While preparing the splints, we had to sit above the ground, as the ground was swarming with leeches. Leech infestation was so bad that we saw these parasites everywhere we looked on the ground.

Material for the deadfall, which the hunter erected in the mountain meadow, was flat, round, and 12cm / 5’’ thick hardwood sections. For his upcoming rat-hunting expedition, he planned to use flat field stones.

Two thumb-thick wooden sticks were also laid on the ground underneath the deadfall. They ensured the rats were crushed between the falling weight and the ground floor.

Design of old-styled, conventional Figure-4 trigger deadfall traps

Conventional Figure-4 triggers have been in use for a long time. They consist of three sticks, which have to be carved elaborately. The weighted stick rests on the prop and exercises a tensional force on the bait stick. The bait stick, therefore, needs a counter latching on the prop, which is turned by 90 degrees compared to the pulling notch. Figure 4 of such a conventional trigger faces the outside area, away from the deadfall weight.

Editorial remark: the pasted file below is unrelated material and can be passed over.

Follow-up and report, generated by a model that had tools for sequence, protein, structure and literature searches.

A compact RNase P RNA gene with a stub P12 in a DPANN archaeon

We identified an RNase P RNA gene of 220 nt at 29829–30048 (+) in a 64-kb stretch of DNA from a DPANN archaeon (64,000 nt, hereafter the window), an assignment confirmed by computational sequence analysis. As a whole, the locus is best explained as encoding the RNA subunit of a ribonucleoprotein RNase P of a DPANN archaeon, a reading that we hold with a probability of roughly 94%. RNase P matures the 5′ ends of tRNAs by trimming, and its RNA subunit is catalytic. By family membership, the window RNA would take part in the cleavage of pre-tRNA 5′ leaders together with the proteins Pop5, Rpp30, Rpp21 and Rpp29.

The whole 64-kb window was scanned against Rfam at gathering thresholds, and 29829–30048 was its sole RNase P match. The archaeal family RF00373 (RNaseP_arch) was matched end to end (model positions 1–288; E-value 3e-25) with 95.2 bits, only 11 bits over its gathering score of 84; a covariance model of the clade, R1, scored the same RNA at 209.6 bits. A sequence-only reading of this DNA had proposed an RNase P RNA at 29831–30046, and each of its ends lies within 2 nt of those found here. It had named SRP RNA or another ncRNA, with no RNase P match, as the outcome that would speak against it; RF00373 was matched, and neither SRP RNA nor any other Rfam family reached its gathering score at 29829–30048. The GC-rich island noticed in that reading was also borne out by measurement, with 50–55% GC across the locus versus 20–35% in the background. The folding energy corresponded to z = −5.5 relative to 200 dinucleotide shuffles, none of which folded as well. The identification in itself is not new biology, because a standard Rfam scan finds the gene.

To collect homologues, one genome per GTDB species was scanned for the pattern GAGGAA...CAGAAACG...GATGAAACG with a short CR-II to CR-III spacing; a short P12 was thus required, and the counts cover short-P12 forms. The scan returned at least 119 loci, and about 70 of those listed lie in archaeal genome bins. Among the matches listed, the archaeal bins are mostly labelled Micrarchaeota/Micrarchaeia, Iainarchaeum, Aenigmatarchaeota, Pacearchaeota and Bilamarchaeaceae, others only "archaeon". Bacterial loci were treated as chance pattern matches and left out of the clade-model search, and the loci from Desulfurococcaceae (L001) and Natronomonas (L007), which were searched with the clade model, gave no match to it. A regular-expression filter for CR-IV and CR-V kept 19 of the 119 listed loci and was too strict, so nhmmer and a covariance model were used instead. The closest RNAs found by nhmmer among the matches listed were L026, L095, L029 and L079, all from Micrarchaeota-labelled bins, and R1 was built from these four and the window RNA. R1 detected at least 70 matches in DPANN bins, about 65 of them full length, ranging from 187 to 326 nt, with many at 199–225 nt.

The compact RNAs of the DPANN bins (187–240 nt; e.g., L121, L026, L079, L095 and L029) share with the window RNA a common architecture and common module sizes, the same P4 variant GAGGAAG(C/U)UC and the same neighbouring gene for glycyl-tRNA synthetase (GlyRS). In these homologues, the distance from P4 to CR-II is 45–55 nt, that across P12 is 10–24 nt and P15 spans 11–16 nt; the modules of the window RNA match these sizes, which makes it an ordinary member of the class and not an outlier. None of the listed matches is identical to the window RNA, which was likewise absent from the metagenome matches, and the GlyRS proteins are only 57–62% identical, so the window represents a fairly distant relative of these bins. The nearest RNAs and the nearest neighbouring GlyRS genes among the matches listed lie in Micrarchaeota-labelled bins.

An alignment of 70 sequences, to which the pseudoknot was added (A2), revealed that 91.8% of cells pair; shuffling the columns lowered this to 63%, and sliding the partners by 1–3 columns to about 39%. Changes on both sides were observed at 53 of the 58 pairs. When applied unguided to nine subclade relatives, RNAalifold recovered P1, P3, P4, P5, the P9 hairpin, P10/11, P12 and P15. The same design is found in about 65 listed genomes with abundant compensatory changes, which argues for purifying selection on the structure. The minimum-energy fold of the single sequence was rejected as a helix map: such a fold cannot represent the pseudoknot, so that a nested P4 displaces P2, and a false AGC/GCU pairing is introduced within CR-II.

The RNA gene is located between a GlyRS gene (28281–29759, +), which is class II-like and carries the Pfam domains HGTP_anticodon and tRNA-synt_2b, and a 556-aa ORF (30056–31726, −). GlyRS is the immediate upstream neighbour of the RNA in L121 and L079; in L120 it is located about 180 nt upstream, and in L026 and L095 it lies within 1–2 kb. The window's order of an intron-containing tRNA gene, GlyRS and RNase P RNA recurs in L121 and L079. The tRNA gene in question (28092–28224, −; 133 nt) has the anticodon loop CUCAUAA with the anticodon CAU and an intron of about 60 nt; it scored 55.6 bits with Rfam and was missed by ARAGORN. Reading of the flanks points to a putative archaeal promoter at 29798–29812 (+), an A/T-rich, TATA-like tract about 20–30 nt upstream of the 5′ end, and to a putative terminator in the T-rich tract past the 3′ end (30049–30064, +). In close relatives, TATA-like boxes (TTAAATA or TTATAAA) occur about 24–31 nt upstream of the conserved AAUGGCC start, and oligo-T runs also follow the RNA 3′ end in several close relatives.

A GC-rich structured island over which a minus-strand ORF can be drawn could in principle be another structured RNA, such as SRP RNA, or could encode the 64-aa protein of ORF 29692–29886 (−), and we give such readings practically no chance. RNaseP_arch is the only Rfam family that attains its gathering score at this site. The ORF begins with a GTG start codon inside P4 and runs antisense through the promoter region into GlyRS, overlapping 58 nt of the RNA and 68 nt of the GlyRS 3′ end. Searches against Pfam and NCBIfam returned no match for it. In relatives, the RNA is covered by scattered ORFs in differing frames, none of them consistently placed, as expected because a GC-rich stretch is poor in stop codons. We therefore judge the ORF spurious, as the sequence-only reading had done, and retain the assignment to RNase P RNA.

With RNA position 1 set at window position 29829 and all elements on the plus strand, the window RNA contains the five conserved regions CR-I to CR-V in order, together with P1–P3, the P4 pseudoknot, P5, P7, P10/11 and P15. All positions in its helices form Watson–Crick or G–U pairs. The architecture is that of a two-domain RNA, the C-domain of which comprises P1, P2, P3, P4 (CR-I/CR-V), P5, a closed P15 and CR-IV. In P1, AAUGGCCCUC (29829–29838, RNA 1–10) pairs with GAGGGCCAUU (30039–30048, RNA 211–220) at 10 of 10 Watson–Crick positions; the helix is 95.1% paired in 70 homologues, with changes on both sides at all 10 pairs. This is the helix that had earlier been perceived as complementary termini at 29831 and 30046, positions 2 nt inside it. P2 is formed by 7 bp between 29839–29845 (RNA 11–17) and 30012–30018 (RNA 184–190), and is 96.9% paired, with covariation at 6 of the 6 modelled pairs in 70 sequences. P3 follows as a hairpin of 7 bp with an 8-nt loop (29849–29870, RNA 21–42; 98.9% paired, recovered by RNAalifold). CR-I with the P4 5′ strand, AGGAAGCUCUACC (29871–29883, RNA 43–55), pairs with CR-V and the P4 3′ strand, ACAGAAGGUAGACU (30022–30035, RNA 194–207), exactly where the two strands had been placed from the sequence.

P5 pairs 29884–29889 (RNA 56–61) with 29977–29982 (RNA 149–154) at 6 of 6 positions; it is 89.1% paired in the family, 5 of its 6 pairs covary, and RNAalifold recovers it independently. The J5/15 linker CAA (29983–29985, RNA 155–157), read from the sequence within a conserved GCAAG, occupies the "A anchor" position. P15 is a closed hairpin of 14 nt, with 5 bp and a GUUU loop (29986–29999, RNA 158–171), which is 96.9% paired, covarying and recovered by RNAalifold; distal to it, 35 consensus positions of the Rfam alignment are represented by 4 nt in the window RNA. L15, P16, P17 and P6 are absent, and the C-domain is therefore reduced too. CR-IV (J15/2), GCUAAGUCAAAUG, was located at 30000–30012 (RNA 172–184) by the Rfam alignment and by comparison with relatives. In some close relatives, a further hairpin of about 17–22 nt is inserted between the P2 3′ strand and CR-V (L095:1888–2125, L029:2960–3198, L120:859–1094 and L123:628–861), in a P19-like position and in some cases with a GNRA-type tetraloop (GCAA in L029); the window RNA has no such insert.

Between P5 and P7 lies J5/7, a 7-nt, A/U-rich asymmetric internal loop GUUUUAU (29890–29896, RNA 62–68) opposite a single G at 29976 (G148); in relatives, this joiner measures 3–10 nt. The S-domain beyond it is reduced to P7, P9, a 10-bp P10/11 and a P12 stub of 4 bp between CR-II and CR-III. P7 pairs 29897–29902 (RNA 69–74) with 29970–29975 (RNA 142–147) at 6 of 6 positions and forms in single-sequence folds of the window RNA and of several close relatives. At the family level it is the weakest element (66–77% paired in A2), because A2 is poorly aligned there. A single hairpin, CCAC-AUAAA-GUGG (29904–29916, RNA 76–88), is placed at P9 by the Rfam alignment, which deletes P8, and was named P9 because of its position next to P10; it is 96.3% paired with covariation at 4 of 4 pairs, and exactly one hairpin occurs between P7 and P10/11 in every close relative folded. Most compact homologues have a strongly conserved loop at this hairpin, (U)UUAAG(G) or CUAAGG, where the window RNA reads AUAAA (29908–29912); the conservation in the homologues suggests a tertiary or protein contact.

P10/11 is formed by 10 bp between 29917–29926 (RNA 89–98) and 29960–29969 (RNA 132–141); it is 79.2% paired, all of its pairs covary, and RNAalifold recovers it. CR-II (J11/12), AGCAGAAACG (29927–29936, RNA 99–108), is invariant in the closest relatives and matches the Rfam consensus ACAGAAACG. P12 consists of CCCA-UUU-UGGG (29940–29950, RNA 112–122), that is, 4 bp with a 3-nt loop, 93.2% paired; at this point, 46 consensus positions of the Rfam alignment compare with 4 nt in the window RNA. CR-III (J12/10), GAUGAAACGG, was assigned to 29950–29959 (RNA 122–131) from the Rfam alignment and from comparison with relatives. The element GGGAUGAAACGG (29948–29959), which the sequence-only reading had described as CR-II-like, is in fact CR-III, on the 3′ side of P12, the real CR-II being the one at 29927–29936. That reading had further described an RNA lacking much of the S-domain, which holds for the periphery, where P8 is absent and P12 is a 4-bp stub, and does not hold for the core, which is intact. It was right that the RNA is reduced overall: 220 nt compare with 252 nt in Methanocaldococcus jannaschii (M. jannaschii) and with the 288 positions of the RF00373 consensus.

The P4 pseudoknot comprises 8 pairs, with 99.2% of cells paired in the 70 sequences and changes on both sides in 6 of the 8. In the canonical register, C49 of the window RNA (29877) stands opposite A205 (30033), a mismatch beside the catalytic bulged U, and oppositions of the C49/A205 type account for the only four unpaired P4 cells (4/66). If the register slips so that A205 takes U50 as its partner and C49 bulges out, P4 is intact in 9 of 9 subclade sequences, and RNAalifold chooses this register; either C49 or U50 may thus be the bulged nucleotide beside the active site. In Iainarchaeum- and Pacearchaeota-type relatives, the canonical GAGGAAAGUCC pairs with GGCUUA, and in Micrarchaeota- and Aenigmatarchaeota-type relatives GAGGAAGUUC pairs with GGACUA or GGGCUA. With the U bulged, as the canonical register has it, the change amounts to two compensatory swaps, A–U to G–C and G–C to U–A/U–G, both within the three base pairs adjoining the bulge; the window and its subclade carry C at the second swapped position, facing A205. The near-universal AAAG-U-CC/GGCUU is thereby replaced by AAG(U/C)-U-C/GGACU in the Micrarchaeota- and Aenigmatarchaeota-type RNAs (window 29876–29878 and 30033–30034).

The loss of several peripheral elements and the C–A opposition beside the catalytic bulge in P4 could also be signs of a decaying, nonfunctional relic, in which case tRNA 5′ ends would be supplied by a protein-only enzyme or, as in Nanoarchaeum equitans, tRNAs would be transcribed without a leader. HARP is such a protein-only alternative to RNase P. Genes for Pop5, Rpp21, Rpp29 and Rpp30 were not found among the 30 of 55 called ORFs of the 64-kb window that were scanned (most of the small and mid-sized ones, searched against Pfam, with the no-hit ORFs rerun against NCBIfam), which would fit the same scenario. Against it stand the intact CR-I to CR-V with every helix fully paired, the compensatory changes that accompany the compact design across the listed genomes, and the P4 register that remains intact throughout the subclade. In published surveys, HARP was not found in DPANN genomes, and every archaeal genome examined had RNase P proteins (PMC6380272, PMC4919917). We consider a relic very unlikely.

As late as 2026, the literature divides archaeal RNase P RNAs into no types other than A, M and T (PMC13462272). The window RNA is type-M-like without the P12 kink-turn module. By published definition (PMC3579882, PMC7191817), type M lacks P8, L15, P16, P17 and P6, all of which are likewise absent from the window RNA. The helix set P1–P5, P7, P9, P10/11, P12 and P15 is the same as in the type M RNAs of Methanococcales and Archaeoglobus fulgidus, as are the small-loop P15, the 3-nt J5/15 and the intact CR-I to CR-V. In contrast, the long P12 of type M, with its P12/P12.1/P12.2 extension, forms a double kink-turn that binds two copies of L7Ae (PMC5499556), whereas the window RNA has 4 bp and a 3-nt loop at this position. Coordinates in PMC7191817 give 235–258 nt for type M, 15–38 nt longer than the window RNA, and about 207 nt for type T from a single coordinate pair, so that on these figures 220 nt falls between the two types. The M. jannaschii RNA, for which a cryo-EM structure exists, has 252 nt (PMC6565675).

At the so-called ‘Student mousetrap’ in Central Europe in the 19th century, Figure-4 traps were used with the weighted stick pointed to the inside of the trap. It put tension on the bait stick so that this stick also had a latching notch at its opposite end.

Design of the modified Vietnamese Figure-4 trigger deadfall trap

The modified Vietnamese Figure-4 trigger acts so that the weighted stick pushes the bait stick toward the prop. Elaborate carvings are, therefore, not necessary. This design is by far simpler than the conventional design. Figure 4 of such a modified trigger faces the inside area of the deadfall weight.

Dimensions of the pieces of bamboo are as follows: The prop is 16cm / 6 ¼’’ long and 2,5cm / 1‘’ wide, which are the exact dimensions as the weighted stick. And the bait stick is 23cm / 9’’ long with a 7mm / ¼’’ diameter.

For testing purposes, we turned around the prop (green side inside), and the modified Figure-4 trigger worked the same way as when the green side of the prop faced outward.